Ok here’s a biggy- should you stretch or should you strengthen?
Let’s look at the hamstrings (back of the thigh) for this. Their job is to bend the knee and help take the leg behind you. They commonly get ‘tight’ through activities like running and cycling. When they become too ‘tight’ they can affect the range of motion of the knee when trying to straighten it. They can also lead to back, hip and foot/ankle pain.
So do you stretch the hamstrings or strengthen the opposite muscles – the quadriceps (front of the thigh)? In short, probably both. When a muscle is tight, it is usually short so stretching will help to give it length and allow more movement through that joint. If however the opposing muscles are weaker, then this allows the ‘tight’ muscles to become over-worked and to shorten again, so a constant battle of stretching begins. This is when strengthening the opposite muscles comes into play. However, this isn’t always the case. Sometimes those ‘tight’ muscles can be weak and short and so a combination of both stretching and strengthening the muscle is needed. The strengthening phase should however be done after mobilisation and lengthening of the muscles to ensure the joint is in the optimal position and the correct muscles are working.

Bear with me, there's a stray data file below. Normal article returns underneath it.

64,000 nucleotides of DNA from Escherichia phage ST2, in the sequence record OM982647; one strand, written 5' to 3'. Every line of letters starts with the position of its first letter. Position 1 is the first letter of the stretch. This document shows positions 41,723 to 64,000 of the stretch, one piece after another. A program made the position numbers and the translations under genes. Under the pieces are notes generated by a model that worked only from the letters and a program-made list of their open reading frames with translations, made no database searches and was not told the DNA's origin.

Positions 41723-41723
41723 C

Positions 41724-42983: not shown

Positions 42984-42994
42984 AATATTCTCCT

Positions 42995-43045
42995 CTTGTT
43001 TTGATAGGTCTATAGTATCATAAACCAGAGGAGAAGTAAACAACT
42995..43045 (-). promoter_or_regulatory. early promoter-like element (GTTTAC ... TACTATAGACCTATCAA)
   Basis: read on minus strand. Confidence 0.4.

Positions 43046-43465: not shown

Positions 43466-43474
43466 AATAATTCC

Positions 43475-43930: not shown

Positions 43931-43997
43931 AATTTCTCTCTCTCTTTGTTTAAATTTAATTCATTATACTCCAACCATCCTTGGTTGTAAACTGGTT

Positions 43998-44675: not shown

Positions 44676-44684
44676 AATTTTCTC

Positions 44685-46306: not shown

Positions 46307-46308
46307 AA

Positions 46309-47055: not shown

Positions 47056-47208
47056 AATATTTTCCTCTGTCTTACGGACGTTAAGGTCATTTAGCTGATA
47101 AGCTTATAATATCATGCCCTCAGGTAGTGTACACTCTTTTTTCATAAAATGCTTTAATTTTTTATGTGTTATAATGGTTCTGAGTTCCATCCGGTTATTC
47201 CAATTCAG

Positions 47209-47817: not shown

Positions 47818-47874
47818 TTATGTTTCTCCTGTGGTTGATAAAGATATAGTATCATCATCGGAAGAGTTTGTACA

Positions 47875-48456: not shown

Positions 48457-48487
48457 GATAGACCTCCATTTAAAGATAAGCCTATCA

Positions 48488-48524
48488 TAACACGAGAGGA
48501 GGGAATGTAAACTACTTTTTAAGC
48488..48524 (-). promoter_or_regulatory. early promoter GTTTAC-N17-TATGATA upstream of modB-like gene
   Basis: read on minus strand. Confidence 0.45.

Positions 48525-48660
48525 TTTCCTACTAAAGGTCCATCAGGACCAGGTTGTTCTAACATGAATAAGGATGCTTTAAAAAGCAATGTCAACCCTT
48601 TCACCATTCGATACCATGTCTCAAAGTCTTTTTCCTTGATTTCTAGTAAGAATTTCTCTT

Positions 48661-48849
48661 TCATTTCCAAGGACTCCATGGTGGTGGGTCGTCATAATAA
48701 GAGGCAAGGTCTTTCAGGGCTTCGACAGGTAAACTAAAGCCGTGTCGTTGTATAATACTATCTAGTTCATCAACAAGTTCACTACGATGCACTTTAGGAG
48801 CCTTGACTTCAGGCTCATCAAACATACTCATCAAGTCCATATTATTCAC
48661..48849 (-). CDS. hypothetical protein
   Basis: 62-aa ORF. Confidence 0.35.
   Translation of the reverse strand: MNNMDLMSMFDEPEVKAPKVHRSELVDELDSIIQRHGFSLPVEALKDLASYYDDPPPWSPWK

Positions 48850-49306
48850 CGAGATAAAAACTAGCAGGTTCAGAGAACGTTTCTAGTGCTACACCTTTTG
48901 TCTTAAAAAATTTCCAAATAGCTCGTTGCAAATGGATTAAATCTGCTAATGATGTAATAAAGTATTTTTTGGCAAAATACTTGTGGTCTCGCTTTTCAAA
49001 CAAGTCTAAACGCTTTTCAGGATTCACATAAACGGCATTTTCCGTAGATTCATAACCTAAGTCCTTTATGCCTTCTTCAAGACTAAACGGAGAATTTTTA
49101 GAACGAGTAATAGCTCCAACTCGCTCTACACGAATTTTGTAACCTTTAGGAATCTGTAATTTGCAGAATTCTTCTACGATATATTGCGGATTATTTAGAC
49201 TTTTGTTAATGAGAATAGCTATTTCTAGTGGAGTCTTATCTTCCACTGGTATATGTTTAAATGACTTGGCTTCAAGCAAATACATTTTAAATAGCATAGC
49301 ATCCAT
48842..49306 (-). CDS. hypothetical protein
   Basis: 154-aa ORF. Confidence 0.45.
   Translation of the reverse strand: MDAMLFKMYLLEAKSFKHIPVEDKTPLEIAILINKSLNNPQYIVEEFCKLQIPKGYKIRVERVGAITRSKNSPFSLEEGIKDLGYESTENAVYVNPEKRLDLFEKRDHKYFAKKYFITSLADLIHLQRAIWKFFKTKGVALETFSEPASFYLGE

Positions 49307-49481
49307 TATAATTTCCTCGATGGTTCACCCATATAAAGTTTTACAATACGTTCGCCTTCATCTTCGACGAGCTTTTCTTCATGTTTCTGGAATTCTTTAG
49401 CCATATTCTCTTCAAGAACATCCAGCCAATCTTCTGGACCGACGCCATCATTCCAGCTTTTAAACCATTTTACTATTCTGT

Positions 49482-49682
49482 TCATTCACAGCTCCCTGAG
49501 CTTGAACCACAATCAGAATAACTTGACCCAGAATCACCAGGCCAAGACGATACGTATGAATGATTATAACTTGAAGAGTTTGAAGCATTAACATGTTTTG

To avoid muscle imbalance we then still need to both stretch, mobilise and strengthen the opposite muscles to ensure balance between the two.
The conclusion is that best practice would be to stretch and mobilise a restricted or ‘tight’ muscle first to ensure the joint can be in the best position possible. Then we can do the strengthening phase, to try and ‘hold’ the joints in that position and aid in joint stability.
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